The NDBC system, allows users to download real-time and historic data. By looking at historic quality controlled measurements we can understand what the tsunami amplitude at sea is. This allows us to answer questions such as what are tsunami amplitudes at sea? Where do they arise from? How fast are tsunamis moving?
Tsunamis the when
Tsunamis are caused by underwater eruptions, landslide displacements and volcanic eruptions to mention a few of the important ones.
History shows that tsunamis happens as a result of undersea earthquakes displacing large masses of water developing a wave train with large amplitudes. Legends have it that the Krakatoa Eruption caused mayor destructions and a worldwide tsunami travelling across the world causing havoc.
Tsunamis the where
When trying to understand Tsunamis and where they might be potential dangers there are certain rules of thump to follow.
Firstly, in order to be a potential hazard area, a considerable amount of water needs to be present.
Secondly, when water are present some of the potential sources of tsunamis need to be present. This can include subduction zones caused by the continental plate tectonics, earth hotspots with volcanic activities and large terrain variations with potential rock-slides or icebergs melting and cracking causing tsunami events.
Related read: How do we measure Tsunamis?
Thirdly, people need to reside in shores connecting these waters and especially nearby the epicenters of earthquakes are a significant potential hazard area.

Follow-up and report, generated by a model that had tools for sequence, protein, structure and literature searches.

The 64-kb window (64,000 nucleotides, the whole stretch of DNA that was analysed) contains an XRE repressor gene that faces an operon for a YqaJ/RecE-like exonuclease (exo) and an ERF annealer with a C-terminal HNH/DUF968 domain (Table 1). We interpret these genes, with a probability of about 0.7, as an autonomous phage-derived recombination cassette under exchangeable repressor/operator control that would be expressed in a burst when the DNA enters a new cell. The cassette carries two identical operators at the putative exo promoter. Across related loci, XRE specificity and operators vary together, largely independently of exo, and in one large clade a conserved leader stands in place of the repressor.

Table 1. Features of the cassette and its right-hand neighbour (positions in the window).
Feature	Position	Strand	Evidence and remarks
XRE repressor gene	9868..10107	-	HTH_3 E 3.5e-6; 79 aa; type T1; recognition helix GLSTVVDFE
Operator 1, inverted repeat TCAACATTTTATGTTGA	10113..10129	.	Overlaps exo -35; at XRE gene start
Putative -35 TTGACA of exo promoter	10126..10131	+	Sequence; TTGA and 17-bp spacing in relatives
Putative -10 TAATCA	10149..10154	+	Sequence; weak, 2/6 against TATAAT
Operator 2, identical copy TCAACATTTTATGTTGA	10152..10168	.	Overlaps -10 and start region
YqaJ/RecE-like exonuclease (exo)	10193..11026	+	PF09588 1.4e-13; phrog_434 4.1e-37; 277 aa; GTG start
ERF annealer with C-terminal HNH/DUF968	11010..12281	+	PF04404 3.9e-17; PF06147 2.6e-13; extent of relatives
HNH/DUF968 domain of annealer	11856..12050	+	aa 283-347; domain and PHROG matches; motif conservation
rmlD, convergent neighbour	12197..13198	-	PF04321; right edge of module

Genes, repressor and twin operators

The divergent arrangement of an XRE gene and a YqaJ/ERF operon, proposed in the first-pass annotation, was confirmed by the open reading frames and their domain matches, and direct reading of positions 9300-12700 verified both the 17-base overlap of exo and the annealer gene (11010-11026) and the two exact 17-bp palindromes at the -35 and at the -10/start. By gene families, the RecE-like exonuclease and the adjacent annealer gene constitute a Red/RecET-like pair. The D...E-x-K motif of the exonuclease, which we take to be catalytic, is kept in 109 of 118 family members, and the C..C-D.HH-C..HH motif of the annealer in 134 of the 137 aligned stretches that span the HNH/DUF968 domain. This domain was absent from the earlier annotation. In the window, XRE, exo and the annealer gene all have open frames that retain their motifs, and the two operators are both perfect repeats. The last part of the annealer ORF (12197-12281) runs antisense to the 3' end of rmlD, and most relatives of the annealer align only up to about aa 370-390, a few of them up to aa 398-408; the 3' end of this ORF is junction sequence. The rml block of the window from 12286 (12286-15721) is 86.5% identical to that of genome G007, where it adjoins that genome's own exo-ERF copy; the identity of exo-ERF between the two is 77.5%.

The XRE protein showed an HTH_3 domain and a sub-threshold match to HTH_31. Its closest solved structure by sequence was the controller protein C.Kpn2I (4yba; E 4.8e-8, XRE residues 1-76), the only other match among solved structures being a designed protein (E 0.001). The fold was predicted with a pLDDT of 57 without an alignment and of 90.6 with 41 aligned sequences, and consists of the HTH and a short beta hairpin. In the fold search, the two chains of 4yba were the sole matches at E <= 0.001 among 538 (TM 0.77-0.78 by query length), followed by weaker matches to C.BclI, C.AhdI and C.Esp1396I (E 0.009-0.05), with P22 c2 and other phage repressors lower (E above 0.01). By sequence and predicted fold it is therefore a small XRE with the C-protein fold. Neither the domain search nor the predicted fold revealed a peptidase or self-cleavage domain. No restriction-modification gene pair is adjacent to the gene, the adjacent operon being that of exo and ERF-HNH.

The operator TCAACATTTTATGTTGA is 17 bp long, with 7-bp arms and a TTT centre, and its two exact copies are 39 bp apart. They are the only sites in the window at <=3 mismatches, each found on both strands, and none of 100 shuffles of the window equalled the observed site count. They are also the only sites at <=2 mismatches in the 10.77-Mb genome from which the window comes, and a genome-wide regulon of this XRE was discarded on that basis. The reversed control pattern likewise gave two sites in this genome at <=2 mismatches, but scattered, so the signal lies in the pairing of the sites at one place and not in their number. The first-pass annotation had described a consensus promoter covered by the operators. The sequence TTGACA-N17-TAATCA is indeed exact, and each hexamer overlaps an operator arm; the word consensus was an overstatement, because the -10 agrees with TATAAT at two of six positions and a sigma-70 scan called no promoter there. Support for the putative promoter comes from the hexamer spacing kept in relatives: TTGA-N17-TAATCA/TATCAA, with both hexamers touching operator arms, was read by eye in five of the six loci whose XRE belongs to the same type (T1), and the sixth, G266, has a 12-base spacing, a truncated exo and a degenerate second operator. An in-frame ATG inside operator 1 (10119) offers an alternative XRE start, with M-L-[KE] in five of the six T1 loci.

To conclude, there are multiple factors which need to be present before a significant risk of tsunamis however in certain places, this causes quite large burdens for societies at large.
Tsunamis are unpredictable in nature and violent catastrophes causing large problems for the nearby societies. They are difficult to effectively mitigate and require long term investments in due time whenever peace is sufficient. They can be described as a huge volume of water which keeps rushing inland and the combination of high amplitude and long period makes the wave increasingly dangerous.
The unpredictability arises from the underlying natural phenomena driving these catastrophic events. Methodologies exist with geophysical sounders listening to the rumbling of the earth allowing early warning of incoming earthquakes which may cause tsunamis. Another example of early warning signs is the receding coastline immediately before the wave arises on shore.
The locations of tsunamis require quite a few preconditions before posing a threat to society. Firstly, there needs to be a significant amount of water present. Secondly, underlying driving mechanisms such as earthquakes, volcanic eruptions and rock slides need to be present. Thirdly, people need to reside and live in the neighborhood. All of these conditions are rarely met, luckily since they are one of natures most devastating events.
Tsunami video hitting the Japanese town of Miyako on March 11’th 2011 – https://www.youtube.com/watch?v=86ThCibkHQw&ab_channel=Rachid82UK*
Wave-height map of tsunami from NOAA –https://www.britannica.com/event/Japan-earthquake-and-tsunami-of-2011
NOAA Wave Watch III –https://polar.ncep.noaa.gov/waves/wavewatch/